Why would the board want Smith to stay? Before the lead crisis, Smith was enjoying a banner year. Negotiations with teachers were going smoothly, unlike two years ago when there was nearly a strike. It was only the second school year when she didn’t have to oversee budget cuts. The four-year graduation rates in Portland rose to 74 percent last year, up from 53 percent in 2009. Her crowning achievement this year was the improvements seen at Jefferson High School, the city’s traditionally AfricanAmerican high school, where the graduation rate hit 80 percent last year—a 25-point jump from four years before. Are parents and teachers OK with Smith staying? It depends. Smith still has loyal defenders among parents. But many want her gone now. “As superintendent, Carole is dangerously out of touch with her responsibilities,” says Emily Petterson, a parent at Rose City Park School, where elevated lead levels were found. “It’s hard to wish anything negative onto anyone, but the bottom line is that Carole needs to be held culpable.” Sullivan, the union president, says teachers are waiting for the results of the lead investigation—and they expect the board to act then. “They can’t ignore whatever comes out,” she says, “and I don’t think they will.” How will Smith’s sticking around affect the November school bond? The construction bond slated for the November ballot could include up to $556.5 million in repairs. But the vote on the bond issue has the potential to turn into a referendum on Smith’s leadership. “The ideal situation is a sense from the community that there’s stable and effective leadership,” says DHM Research vice president and political director John Horvick. “I would say it is partly a vote on people’s confidence in PPS’s leadership.” The school bond campaign has polled voter support, but not since news of the lead crisis broke in full, says Kohnstamm, who co-chairs the bond campaign. Teachers, whose support is crucial, are skeptical. “We need new facilities,” says Sullivan. “It’s not that we don’t, but the district has to show that it can manage itself.”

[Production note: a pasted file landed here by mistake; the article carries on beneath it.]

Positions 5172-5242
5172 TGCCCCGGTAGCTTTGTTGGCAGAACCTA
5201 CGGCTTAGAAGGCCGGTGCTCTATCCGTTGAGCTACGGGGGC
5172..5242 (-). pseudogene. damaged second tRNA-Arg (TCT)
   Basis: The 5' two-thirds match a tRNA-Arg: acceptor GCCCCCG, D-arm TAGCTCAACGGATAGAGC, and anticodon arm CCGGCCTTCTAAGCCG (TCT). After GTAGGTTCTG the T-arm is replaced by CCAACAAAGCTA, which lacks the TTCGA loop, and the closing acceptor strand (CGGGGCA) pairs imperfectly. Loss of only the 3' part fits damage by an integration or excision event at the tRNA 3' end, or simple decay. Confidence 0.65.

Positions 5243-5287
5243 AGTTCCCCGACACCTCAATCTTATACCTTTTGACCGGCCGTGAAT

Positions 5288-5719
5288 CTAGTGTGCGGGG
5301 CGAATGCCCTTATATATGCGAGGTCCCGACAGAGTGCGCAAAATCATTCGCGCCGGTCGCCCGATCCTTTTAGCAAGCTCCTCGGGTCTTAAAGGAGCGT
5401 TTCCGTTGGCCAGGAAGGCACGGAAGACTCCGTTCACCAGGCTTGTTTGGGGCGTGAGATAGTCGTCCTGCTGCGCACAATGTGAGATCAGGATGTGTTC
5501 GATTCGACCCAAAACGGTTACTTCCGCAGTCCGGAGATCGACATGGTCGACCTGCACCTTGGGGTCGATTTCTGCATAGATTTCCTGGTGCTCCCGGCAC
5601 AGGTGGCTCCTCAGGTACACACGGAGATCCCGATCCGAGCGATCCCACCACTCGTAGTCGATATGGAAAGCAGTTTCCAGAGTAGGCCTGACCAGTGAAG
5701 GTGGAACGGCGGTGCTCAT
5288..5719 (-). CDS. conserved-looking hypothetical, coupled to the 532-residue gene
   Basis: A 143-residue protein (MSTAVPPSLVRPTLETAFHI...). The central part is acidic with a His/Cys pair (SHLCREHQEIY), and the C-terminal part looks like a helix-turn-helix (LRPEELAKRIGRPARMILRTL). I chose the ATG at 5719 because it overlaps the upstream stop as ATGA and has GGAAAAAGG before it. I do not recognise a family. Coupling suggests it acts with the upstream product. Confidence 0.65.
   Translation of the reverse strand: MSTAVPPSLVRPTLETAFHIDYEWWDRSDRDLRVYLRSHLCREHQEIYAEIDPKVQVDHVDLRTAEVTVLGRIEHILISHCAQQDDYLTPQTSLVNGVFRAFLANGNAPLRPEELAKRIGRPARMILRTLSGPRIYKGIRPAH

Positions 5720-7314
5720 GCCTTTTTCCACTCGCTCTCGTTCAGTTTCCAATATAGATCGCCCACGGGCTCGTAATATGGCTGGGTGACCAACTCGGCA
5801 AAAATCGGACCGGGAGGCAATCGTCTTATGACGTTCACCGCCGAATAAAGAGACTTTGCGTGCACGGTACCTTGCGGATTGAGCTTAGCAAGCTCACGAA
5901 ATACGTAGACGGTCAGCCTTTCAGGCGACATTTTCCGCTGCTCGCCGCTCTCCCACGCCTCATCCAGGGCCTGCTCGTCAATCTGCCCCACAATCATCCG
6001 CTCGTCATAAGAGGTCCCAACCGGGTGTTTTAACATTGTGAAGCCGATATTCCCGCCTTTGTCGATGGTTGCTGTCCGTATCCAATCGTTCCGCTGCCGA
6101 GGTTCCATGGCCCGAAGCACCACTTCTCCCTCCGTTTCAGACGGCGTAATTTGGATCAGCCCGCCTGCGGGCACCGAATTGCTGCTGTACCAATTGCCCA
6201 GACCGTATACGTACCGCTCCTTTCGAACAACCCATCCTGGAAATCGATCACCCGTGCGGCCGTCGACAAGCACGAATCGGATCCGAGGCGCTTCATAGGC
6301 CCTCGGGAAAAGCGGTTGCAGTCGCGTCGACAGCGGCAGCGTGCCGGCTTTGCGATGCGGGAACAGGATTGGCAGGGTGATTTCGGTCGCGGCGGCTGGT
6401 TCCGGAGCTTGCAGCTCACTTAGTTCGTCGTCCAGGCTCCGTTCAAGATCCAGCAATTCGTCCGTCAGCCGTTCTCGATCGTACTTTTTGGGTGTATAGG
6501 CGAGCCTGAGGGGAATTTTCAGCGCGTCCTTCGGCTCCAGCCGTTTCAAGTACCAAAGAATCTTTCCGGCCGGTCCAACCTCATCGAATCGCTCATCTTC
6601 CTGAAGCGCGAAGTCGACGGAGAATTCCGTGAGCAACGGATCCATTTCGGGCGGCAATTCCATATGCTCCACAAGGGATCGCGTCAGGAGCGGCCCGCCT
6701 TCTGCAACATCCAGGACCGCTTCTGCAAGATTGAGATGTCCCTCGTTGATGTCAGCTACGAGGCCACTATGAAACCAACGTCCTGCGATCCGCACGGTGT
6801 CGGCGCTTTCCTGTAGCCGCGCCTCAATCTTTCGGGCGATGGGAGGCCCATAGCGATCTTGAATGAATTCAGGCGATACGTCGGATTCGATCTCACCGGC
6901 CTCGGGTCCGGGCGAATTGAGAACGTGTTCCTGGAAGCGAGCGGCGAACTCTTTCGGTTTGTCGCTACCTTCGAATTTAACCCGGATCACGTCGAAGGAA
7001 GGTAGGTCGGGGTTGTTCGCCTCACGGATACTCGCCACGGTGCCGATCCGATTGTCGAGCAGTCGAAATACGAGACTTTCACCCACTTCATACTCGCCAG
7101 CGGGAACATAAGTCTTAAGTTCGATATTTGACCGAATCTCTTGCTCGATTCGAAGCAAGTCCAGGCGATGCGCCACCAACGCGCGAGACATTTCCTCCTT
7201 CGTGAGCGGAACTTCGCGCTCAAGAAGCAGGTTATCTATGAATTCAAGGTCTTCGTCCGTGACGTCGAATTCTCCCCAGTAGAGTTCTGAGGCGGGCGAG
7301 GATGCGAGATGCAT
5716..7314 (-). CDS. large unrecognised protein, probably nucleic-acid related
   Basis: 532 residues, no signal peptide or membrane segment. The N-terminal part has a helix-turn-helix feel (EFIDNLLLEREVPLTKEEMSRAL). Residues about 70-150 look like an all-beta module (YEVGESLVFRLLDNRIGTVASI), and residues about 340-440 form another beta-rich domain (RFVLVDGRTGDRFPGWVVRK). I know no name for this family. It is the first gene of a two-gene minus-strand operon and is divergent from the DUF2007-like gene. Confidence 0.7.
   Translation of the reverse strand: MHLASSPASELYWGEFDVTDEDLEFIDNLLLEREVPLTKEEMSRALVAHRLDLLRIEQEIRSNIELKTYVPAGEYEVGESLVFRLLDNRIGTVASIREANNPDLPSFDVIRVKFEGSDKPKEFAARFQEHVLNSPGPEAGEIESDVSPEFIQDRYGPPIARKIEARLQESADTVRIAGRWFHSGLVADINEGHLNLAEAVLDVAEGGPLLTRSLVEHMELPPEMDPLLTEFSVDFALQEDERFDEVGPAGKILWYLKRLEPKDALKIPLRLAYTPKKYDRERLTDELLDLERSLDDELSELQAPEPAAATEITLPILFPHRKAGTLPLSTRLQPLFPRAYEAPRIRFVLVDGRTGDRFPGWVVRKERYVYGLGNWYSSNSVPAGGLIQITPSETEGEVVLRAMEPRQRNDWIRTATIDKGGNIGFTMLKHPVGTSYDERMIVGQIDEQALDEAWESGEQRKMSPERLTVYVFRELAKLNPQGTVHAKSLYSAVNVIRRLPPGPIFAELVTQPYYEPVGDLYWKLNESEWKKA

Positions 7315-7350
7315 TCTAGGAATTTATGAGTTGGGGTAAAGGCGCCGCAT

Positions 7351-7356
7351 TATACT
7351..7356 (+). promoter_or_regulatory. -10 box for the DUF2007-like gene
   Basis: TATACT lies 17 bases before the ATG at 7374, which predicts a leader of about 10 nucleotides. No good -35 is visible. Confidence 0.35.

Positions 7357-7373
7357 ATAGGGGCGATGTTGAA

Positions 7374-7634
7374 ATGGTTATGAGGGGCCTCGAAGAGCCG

Willamette Week JUNE 29, 2016



FRUIT OF THE DOOMED: As a migrant farmworker years ago, Javier Lara imagined one day having his own farm and doing things differently. Like all Oregon strawberry growers, he faces a singular threat: California. 12

Willamette Week JUNE 29, 2016




aria Gonzalez grasped the stem of a ripe Puget Crimson strawberry under a steady drizzle of June rain. With her thumb and forefinger, she pinched the stalk above the strawberry’s cap, breaking the stem. It was the third week of Oregon’s 2016 strawberry harvest—a 20-week window that started in mid-May and will trickle into October. On this morning, the rows of berries at Anahuac Produce, a small farm in Molalla, were still cool an hour after sunrise, leaving the stalks firmer and easier to break. Bent over the plants, Gonzalez, 25, picked with one hand until it was full, then gently tossed the berries into a bucket, careful not to bruise or crush any of the fruit. The latex gloves she wore to keep the juices from staining her hands were spotless. The Oregon strawberry is a fragile treasure. It’s fire-engine red, bursting with flavor, and sweeter and juicier than berries from anywhere else in the United States. “It has a little bit of romance that our other berries don’t have,” says Bruce Pokarney, a spokesman for the Oregon Department of Agriculture. “Oregonians have a strong nostalgia for it. For a lot of people, it was tied to an experience as a kid. If you weren’t doing it as a job, you went to U-pick farms with your family.” But the Oregon strawberry wasn’t built to last. CONT. on page 13

Willamette Week JUNE 29, 2016


LARA CRAFT: Javier Lara grows strawberries in Molalla and pays workers by the hour, not the pound (see “Fresa Ideas,” page 18.)